Global Policy Forum

UN Panel Deadlocks Over Taking Any Action on Sudan


By Neil MacFarquhar and Sharon Otterman

New York Times
March 6, 2009

The Security Council deadlocked on Friday over taking any action on the tempest that erupted over the indictment of President Omar Hassan al-Bashir of Sudan on war crimes charges and his subsequent expulsion of 13 aid organizations. Mr. Bashir's supporters, led by Libya and China, insisted that any official statement issued by the Council simultaneously address the potential humanitarian crisis and a possible deferral of the charges, while Western nations blasted the idea of linking the two issues and warned of a potential humanitarian catastrophe that could affect millions.

Aid organizations reached Friday said they had already suspended most deliveries to Darfur, the region that is home to the conflict that led to war crimes charges against Mr. Bashir, and much of the country. Expatriate staff members had their work permits revoked and were leaving, the organizations said.
In Darfur's camps, the effects were already being felt. The International Rescue Committee, for example, said it was forced to close medical clinics in three camps, leaving more than 200,000 without medical assistance. Michael Kocher, the organization's vice president of international programs, said the agency was appealing the government's decision, as were the other groups. "Our biggest worry is about the humanitarian situation — some 50 to 70 percent of the humanitarian assistance has stopped," said Philippe Conraud, of Action Against Hunger.

The International Criminal Court in The Hague indicted Mr. Bashir on Wednesday. That day, he responded by accusing the West of trying to recolonize Sudan and by closing aid organizations he accused of providing false evidence to the court.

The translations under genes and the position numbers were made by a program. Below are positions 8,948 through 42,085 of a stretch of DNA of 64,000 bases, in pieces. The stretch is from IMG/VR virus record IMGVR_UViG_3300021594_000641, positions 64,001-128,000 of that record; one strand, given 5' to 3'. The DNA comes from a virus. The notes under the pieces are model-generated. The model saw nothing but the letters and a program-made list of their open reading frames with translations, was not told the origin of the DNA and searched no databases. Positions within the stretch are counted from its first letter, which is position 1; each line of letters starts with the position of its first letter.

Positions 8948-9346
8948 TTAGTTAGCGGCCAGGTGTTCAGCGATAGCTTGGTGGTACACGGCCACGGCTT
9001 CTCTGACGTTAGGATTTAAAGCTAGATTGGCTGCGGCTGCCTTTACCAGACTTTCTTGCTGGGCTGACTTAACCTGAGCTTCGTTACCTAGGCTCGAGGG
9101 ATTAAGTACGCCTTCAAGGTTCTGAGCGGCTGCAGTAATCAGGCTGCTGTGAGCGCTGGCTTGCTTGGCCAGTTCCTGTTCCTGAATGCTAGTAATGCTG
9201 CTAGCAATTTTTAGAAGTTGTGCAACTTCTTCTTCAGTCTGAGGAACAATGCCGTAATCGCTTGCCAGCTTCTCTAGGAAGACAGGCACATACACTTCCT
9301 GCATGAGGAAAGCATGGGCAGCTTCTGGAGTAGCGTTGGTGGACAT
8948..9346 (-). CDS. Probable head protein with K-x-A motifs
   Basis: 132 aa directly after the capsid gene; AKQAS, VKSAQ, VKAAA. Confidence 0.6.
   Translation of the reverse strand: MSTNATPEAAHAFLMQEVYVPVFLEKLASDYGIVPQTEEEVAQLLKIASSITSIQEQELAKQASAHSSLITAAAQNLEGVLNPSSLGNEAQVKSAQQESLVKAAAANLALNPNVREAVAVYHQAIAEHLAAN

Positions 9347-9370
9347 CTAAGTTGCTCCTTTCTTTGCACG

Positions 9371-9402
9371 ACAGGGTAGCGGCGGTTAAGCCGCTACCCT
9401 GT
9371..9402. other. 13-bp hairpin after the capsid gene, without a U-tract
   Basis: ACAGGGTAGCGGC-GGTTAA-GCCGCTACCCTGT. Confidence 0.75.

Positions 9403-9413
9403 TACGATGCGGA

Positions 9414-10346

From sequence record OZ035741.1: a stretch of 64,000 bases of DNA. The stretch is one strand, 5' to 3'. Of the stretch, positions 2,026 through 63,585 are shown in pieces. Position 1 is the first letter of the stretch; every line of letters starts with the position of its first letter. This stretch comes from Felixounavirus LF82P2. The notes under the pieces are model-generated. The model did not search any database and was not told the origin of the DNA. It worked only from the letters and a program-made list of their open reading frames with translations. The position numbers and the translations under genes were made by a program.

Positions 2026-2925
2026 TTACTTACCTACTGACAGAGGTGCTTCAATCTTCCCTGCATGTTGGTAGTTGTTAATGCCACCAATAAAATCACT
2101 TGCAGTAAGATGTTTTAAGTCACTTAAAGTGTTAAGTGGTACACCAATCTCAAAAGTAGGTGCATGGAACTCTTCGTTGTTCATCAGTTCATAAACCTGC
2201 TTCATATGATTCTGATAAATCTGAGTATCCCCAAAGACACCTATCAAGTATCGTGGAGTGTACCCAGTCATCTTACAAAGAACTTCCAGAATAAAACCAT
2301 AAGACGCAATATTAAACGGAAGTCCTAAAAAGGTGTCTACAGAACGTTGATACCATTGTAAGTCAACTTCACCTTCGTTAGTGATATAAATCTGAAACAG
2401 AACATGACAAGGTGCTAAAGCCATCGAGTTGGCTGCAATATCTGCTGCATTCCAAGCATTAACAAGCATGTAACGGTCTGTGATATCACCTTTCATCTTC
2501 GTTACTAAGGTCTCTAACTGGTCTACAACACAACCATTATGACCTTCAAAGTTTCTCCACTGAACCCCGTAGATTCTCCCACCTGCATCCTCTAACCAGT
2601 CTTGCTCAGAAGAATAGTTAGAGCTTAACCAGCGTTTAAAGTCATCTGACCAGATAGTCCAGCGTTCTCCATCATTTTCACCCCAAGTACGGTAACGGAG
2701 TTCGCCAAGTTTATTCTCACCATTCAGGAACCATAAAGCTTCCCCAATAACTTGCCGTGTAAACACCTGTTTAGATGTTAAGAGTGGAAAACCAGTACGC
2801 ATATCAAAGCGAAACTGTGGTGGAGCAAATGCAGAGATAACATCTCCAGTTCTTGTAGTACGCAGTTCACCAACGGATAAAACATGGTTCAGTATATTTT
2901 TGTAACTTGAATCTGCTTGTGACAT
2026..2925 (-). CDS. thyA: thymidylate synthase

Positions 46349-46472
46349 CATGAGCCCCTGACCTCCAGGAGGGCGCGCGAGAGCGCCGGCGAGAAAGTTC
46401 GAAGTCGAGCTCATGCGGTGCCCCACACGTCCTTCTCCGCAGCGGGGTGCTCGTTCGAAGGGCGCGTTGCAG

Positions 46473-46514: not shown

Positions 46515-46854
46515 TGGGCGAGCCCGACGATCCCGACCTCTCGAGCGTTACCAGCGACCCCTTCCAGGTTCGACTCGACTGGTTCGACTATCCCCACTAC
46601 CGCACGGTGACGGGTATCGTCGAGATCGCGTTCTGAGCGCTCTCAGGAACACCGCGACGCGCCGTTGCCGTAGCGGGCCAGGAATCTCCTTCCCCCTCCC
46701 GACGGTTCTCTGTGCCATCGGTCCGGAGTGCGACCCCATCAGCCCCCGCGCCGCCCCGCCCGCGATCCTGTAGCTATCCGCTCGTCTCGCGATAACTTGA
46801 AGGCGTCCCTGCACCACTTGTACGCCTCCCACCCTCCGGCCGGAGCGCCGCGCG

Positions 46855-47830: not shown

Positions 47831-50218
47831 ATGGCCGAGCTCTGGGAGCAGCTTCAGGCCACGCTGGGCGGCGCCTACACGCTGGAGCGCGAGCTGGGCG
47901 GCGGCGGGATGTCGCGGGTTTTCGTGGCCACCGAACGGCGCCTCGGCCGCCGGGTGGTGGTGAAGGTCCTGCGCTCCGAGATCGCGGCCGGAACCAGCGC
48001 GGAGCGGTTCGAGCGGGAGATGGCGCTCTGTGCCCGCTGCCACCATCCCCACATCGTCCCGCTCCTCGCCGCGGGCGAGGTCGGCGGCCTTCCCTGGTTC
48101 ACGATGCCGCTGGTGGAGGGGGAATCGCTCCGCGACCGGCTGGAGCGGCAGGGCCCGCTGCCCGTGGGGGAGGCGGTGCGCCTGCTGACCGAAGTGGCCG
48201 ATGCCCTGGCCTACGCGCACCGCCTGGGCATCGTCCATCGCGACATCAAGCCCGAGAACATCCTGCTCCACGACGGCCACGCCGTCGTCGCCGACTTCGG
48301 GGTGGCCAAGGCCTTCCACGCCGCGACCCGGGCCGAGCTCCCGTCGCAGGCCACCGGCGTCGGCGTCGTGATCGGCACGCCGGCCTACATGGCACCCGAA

At the United Nations on Friday, the Libyan ambassador, Ibrahim O. Dabbashi, said that if the Council were "honest" about the humanitarian situation, it should defer the charges against Mr. Bashir "as soon as possible in order to calm the situation." China, Vietnam and Uganda, representing the African Union, supported that position, according to Western diplomats who attended the closed meeting.
Western nations, which pressed for a statement condemning the closing of the aid groups, lambasted the idea of linking humanitarian concerns with a possible court deferral. "The United States is gravely concerned by the reckless decision of the Sudanese government to expel international aid groups working to ease the suffering of Sudan's citizens," said Susan E. Rice, the American ambassador to the United Nations. "The humanitarian situation in the country is already dire, and this callous step threatens the lives of innocents already suffering from years of war and upheaval," she said.

Abdalmahmood Abdalhaleem, the Sudanese ambassador to the United Nations, dismissed the Western criticism as a "storm in a teacup" and said Sudan had compiled a dossier thick with evidence that the aid agencies being shuttered had abetted the court's work. He did not make this evidence public or link specific evidence to particular organizations, but said as an example that aid groups had used their private aircraft to fly potential witnesses against the president to Europe from Darfur. "They are spoiling, they are sabotaging, they are doing a lot of very bad activities incompatible with their humanitarian mandate," Mr. Abdalhaleem said. He said the Sudanese government, local groups and those organizations allowed to stay would be able to fill the gap created by the expulsions.

Several Western ambassadors and the aid agencies rejected the accusations against them, while diplomats and officials also disputed the idea that Sudan would be able to fill the gap, noting that the agencies being shut down delivered some 40 percent of the aid in Darfur.
Jean-Maurice Ripert, the French ambassador to the United Nations, said that the Sudanese move was a violation of its obligations under international humanitarian law. The United Nations said the hardest hit would be the hundreds of thousands of displaced people living in camps served by the aid groups. Mr. Ripert suggested that Kalma camp, for example, which is home to nearly 100,000 displaced people, could run out of water within 48 hours.

In Khartoum, meanwhile, representatives of Iran and Syria, as well the militant groups Hamas and Islamic Jihad, arrived to express solidarity with Mr. Bashir and to denounce the court's decision. The delegation included high-ranking officials, like the speakers of the Iranian and Syrian Parliaments.

A journalist contributed reporting from Khartoum, Sudan.

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